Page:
In the area of auxiliary medicine he has the special role of being a doctor or understanding medicine, nursing, pharmacology, drugs, elemental surgery, and emergency first aid.
The basic question in the technical preparation of the urban guerrilla is nevertheless to know how to handle arms such as the machine gun, revolver, automatic, FAL, various types of shotguns, carbines, mortars, bazookas, etc.
A knowledge of various types of ammunition and explosives is another aspect to consider. Among the explosives, dynamite must be well understood. The use of incendiary bombs, of smoke bombs, and other types are indispensable prior knowledge.
To know how to make and repair arms, prepare Molotov cocktails, grenades, mines, homemade destructive devices, how to blow up bridges, tear up and put out of service rails and sleepers, these are requisites in he technical preparation of the urban guerrilla that can never be considered unimportant.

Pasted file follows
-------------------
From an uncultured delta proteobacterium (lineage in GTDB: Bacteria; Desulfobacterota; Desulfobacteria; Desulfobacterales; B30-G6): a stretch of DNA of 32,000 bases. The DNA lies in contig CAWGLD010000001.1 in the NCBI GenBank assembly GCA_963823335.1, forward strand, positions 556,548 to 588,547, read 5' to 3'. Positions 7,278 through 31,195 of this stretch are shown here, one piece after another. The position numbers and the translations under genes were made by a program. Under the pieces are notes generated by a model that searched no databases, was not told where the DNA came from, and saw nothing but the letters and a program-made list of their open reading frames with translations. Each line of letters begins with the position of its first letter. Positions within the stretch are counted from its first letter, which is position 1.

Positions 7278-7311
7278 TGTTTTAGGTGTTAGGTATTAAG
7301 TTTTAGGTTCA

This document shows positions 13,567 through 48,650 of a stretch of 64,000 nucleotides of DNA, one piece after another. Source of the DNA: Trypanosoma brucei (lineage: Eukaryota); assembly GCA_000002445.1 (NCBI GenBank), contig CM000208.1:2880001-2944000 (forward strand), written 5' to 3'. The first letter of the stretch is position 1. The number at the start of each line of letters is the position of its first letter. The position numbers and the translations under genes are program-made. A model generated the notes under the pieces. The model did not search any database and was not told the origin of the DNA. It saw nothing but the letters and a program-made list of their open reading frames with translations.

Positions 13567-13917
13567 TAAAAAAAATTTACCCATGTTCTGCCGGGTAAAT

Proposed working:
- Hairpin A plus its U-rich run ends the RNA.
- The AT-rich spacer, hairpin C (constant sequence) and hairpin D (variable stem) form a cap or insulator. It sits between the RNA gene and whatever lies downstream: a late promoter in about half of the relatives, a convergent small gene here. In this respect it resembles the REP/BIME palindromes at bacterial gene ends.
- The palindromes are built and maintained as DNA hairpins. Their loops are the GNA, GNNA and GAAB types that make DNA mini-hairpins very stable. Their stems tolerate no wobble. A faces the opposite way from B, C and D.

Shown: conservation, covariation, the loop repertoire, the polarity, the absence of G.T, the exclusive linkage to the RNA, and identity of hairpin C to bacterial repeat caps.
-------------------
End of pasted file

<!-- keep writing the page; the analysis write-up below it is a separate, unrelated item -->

The highest level of preparation for the urban guerrilla is the center
for technical training. But only the guerrilla who has already passed the
preliminary examination can go to this school--that is to say, one who
has passed the proof of fire in revolutionary action, in actual combat
against the enemy.
The Urban Guerrilla's Arms
The urban guerrilla's arms are light arms, easily exchanged usually captured from the enemy, purchased, or made on the spot.
Light arms have the advantage of fast handling and easy transport. In general, light arms are characterized as short barreled. This includes many automatic arms.
Automatic and semiautomatic arms considerably increase the fighting power of the urban guerrilla. The disadvantage of this type of arm for us is the difficulty in controlling it, resulting in wasted rounds or in a prodigious use of ammunition, compensated for only by optional aim and firing precision. Men who are poorly trained convert automatic weapons into an ammunition drain.